Klinische Abbildungen.

(Clinical Illustrations)

A collection of portrayals of changes to the outer corporeal form by internal disease.

Issued by Doktor Heinrich Curschmann,

In association with Dr. W. Schüffner, assistant physician at the Medical Clinic in Leipzig.

Berlin: Julius Springer, 1894.

Translated from the German and presented here with its extraordinary 57 photogravures. In his review of this compilation the medical historian Edgar Goldschmid noted:

The plates are beautiful crisp heliogravures manufactured by Meisenbach, Riffarth and Co. in Berlin. They are fine and instructive pictures throughout, primarily of neurological diseases;   in addition to the aneurysma and edema, I would like to cite the Basedow pictures as especially typifying and supplementing of the pathologic-anatomic illustrations.

Edgar Goldschmid wrote these words in his book Entwicklung und Bibliographie der Pathologisch-anatomischen Abbildungen ( Leipzig: K.W. Hiersemann, 1925) an important bibliography on the subject of historical medical illustration. Indeed, of all the art he reproduces in his book, only one, Tafel #43 (Morbus Basedowii) from the Curschmann, is a photograph.

Although Heinrich Curschmann took some criticism for the expense he incurred on this project (Jankau, Int. Med.-photo. Mon., v. II., i. 1, p. 19), there is no disputing that he accomplished a landmark work in the history of photography and medicine. The warm depths and shadows of the copper plates render to the heart what are difficult images of stricken humanity. Without a doubt, Curschmann intended to produce a mechanically rigorous monograph on medicine, but the argument can be made that as an amateur artist himself he held in his mind the portfolio engravings of Goya as a close model.

Klinische Abbildungen appeared in 1894, a year when interest in medical photography was at its most emphatic. In his preface Curschmann writes:

In all fields there arises an interest for clinical photography. It will not be a long time coming when the physical science and chemistry of a photographic lab will complement most clinics and the greater hospitals.

Curschmann was 6 years into his directorship at the Leipzig Clinic and the labs he built there were in full production, delivering 50 boxes of photographs to the Rome International Medical Congress which was especially sensational for the photographic exhibits that year (Jankau, Int. Med.-photo. Mon., v. I., i. 3, p. 5). The year 1894 also saw the debut printing of Internationale Medizinisch-photographische Monatsschrift, a monthly journal devoted exclusively to the subject of photography as it pertains to research and practice of the medical arts. A long article in the very first issue details the Leipzig Dunkelkammern and their importance to anatomical research.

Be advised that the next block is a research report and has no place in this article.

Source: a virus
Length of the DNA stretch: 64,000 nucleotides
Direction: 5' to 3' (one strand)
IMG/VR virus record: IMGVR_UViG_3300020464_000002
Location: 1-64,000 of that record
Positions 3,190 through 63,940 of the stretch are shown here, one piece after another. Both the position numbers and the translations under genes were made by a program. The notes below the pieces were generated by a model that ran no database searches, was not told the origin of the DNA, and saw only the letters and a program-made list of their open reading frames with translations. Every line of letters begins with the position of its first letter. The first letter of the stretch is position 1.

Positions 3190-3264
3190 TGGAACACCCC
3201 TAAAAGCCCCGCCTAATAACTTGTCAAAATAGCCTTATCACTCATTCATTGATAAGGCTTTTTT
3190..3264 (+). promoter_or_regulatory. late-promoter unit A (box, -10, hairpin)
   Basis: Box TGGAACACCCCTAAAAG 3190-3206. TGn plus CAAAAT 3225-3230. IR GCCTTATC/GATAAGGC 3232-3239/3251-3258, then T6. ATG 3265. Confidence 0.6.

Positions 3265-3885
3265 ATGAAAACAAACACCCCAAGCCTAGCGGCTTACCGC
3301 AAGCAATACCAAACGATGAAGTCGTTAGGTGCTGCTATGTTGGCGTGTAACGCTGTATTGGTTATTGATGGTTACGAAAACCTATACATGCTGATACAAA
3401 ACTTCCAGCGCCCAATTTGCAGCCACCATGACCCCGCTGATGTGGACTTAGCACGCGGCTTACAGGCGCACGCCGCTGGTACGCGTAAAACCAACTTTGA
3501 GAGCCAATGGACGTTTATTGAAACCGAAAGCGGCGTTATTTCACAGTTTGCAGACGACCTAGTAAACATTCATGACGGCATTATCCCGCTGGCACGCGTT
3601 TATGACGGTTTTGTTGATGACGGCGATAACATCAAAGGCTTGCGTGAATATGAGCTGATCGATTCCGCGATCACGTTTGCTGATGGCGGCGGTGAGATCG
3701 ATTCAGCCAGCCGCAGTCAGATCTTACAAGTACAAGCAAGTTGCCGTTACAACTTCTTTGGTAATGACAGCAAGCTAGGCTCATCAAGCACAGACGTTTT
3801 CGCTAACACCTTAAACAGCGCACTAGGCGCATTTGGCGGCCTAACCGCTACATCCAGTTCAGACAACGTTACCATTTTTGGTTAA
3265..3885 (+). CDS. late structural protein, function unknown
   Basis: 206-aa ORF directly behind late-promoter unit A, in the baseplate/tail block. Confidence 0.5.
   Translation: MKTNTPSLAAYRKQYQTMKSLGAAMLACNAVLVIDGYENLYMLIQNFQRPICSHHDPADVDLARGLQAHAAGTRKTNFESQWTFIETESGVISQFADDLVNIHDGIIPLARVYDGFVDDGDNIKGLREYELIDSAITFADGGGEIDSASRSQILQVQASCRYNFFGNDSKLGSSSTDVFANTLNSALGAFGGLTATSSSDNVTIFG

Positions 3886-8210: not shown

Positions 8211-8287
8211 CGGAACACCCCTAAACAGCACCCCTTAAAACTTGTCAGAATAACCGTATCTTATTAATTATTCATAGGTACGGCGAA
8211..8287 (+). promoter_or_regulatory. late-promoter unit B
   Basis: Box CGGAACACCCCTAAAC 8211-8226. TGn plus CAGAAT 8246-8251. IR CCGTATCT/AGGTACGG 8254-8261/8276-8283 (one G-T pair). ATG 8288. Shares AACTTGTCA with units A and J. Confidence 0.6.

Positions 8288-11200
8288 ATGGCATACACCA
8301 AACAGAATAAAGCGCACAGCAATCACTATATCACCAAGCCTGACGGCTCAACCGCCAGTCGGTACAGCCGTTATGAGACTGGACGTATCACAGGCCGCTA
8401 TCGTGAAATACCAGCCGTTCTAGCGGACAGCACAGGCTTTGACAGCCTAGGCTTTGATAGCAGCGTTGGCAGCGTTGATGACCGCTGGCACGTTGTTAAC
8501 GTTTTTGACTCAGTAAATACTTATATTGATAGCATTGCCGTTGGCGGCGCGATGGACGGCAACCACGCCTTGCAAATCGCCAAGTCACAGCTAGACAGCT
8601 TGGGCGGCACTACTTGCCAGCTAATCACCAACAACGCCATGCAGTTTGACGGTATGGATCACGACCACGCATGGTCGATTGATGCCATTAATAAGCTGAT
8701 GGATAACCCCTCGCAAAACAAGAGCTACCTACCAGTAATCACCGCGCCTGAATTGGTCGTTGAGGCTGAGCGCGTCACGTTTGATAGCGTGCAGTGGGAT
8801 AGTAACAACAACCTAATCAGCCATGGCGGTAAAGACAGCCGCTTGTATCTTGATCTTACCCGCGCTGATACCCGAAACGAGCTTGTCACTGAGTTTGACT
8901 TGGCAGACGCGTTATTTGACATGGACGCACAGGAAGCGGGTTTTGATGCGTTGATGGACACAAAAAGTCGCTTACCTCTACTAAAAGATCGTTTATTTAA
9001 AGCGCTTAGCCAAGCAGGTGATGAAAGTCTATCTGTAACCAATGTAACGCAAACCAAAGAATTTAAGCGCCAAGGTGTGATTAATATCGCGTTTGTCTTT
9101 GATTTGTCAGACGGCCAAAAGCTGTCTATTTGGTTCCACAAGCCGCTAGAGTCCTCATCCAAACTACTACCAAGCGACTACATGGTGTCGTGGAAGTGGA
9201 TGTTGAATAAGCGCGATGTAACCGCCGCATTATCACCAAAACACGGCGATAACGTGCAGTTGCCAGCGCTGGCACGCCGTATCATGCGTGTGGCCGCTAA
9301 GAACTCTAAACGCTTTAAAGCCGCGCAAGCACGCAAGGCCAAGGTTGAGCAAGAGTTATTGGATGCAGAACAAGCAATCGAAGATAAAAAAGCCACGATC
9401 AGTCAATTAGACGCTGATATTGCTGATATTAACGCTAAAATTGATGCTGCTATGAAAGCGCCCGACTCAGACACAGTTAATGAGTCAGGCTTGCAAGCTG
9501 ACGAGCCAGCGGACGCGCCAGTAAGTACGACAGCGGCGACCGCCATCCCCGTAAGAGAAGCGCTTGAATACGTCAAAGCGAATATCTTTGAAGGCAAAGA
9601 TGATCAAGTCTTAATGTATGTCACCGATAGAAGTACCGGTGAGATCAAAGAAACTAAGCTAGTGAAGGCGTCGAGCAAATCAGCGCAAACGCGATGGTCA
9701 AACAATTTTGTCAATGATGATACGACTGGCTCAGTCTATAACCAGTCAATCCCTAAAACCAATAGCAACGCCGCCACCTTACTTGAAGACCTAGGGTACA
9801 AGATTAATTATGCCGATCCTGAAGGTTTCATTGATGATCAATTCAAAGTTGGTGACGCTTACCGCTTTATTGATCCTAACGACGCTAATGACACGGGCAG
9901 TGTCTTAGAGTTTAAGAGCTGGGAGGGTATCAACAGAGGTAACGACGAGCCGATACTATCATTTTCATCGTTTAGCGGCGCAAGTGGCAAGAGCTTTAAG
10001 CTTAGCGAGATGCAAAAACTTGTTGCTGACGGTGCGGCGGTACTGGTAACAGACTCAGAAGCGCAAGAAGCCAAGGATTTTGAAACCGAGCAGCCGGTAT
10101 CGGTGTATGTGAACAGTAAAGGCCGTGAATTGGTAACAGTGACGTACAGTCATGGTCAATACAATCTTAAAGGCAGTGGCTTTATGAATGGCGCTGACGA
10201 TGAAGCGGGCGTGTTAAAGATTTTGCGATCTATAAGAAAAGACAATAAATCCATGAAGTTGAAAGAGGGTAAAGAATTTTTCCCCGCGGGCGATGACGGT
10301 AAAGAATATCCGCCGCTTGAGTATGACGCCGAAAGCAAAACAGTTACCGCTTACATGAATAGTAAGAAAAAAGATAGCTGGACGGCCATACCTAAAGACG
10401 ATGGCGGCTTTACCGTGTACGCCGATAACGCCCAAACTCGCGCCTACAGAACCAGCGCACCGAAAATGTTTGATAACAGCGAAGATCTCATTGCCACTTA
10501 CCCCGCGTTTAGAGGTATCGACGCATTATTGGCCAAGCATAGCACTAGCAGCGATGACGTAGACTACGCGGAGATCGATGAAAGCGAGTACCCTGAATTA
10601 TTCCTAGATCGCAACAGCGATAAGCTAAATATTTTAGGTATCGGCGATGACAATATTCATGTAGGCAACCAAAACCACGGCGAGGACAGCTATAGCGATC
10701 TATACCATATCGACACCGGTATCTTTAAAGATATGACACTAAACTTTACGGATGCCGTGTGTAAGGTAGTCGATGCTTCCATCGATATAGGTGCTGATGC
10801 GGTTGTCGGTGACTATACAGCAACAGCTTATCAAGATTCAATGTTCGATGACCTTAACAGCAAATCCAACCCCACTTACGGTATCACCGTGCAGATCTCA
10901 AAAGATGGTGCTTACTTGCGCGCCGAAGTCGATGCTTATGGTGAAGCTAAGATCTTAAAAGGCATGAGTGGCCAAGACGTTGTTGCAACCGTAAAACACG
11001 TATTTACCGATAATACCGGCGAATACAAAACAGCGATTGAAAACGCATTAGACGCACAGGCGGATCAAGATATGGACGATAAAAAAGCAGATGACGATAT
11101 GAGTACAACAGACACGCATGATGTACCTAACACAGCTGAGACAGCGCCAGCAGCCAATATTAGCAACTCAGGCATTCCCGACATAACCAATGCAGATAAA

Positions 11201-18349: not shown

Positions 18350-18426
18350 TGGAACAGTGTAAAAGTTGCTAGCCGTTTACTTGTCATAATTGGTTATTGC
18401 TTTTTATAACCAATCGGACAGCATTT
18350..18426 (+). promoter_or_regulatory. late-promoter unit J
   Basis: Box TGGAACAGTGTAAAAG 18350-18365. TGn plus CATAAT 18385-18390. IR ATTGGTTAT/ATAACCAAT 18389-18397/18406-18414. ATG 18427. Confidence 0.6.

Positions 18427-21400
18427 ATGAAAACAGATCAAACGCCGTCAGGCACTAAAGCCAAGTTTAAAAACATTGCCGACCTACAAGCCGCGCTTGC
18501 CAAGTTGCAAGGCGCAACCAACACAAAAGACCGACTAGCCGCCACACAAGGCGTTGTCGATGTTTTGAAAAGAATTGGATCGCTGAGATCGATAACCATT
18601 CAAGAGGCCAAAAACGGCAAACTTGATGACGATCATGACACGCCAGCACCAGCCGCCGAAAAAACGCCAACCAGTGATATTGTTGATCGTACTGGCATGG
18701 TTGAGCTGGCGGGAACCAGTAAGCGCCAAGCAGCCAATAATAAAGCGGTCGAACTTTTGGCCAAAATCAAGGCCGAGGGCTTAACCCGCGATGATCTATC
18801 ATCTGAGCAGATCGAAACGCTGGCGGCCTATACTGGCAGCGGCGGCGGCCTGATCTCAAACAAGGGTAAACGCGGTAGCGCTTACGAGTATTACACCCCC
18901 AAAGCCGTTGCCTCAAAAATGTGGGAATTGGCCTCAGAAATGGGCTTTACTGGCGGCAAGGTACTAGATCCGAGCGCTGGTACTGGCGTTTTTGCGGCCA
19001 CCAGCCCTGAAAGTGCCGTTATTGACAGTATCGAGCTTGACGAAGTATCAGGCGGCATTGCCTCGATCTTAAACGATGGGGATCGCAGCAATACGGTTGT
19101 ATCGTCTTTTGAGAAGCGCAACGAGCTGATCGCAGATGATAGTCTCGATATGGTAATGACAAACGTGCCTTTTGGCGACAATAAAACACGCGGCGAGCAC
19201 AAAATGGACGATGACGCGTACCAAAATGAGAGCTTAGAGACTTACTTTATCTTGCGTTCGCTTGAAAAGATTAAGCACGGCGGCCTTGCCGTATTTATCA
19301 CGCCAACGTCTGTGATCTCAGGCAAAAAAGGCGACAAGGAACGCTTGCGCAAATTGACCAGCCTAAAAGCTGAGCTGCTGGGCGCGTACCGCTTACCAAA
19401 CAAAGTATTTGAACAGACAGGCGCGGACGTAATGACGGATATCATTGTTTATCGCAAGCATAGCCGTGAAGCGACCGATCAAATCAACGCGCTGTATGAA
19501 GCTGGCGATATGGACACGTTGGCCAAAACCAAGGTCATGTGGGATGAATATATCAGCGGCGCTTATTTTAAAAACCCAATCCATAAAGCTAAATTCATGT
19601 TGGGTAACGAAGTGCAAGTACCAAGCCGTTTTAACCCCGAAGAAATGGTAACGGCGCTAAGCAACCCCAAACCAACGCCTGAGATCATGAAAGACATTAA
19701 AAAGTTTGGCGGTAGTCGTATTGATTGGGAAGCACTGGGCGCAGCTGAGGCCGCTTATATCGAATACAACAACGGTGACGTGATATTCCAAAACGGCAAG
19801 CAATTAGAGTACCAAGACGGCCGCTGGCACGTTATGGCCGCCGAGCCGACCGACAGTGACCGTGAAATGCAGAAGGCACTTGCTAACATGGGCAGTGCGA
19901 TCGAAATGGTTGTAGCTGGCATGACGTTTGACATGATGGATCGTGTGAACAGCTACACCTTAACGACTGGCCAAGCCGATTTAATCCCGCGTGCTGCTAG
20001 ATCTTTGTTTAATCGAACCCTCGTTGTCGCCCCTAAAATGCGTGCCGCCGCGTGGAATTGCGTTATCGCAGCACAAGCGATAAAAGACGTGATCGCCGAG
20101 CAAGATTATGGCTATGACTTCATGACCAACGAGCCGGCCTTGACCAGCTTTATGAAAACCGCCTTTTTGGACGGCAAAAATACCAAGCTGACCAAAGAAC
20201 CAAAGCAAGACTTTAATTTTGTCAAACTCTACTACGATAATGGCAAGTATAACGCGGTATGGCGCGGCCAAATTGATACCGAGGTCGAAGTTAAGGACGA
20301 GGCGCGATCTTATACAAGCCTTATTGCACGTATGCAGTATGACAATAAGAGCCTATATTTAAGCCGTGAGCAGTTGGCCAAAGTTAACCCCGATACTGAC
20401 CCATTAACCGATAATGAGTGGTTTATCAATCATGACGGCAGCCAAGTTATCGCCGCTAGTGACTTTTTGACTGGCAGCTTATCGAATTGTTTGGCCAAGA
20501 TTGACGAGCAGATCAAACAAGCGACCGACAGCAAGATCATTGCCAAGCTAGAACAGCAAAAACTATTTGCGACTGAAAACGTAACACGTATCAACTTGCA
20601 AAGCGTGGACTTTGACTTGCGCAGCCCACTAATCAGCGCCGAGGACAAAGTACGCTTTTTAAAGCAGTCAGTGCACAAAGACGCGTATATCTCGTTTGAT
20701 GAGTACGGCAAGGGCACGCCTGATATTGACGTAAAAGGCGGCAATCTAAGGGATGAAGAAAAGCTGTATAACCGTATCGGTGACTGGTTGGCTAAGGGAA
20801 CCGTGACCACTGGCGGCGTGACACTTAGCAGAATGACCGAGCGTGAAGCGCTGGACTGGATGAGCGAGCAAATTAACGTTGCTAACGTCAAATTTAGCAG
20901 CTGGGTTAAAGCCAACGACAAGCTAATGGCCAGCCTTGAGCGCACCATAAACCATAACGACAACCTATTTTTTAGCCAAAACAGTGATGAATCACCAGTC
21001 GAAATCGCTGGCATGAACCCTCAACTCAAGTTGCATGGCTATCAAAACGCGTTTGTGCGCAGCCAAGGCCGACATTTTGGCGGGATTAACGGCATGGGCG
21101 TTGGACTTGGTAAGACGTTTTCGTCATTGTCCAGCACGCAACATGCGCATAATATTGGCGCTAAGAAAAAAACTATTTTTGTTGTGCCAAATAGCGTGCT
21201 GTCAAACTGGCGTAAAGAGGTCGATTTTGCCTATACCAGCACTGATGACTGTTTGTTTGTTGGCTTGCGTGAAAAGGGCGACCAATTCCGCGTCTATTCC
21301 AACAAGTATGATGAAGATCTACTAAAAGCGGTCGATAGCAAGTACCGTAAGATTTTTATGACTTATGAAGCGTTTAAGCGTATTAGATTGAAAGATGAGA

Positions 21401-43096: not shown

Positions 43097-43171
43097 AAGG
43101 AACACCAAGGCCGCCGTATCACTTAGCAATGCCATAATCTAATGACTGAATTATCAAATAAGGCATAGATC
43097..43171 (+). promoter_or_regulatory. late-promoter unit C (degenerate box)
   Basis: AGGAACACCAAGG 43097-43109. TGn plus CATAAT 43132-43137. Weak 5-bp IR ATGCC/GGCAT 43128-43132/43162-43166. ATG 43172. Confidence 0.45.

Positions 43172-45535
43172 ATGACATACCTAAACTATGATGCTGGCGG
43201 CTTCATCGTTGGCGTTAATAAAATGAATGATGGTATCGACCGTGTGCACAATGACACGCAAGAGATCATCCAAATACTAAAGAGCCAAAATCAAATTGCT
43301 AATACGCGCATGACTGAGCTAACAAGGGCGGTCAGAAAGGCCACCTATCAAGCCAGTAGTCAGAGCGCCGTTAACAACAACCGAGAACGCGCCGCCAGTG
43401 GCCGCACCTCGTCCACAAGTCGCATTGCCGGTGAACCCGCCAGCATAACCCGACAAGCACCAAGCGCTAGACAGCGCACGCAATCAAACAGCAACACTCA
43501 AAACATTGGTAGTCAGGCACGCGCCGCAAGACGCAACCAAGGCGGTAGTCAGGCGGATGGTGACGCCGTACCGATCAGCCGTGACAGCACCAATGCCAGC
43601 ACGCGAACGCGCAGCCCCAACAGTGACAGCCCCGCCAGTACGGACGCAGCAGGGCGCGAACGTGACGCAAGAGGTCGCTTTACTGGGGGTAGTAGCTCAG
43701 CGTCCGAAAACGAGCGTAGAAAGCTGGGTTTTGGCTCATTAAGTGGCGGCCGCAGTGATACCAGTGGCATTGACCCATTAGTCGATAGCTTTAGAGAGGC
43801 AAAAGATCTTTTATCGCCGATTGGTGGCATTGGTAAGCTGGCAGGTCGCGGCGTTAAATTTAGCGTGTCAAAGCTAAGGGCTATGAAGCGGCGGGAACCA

In all likelihood, Jankau modeled his Monatsschrift after Nouvelle Iconographie de la Salpêtrière, a bimonthly journal out of Paris which began at the behest of Charcot in 1888, the same year that Curschmann assumed directorship of the Leipzig Clinic. Jankau often solicited abstracts from the Salpêtrière doctors and scientists especially from Albert Londe who co-authored the Nouvelle Iconographie. Albert Londe contributed the centerpiece of Jankau's debut issue with a piece on motion study entitled, La Photochronographie appliquée aux Études Médicales. Of course Curschmann would have been aware of the photography that came out of Albert Londe's labs at the Salpêtrière and would have read Londe's book La Photographie Médicale, published a year before in 1893. Curschmann included a few sequential and motion studies of his own in the Klinische Abbildungen, most spectacularly with Plate 8-9:

Dystrophia muscularis progressiva infantilis. Art des Uebergangs von der liegenden in die aufrechte Haltung.

which shows a seven year old boy suffering from muscular dystrophy as he attempts to raise himself up off the floor to an upright position.

Finally, the year 1894 also saw the release of Dr. Max Nitze's Kystophotographischer Atlas, providing the first photographic evidence of abnormalities to the bladder obtained by his new cystoscope. Curschmann did not include any pathological specimens in his book because he was more concerned with presenting an iconic physiology but it is this promise of revealing secrets of the living body, that invoked such passion in those clinicians pursuing the science of photography in the years leading up to 1894. With Nitze's device the stage was set and one year later, with Roengten's invention, Curschmann and other directors of the world's great hospitals would turn their attention to building the best in-house x-ray laboratories.

---Mark Rowley

The 57 photogravures presented here are from Goldschmid's own copy of the Klinische Abbildungen:


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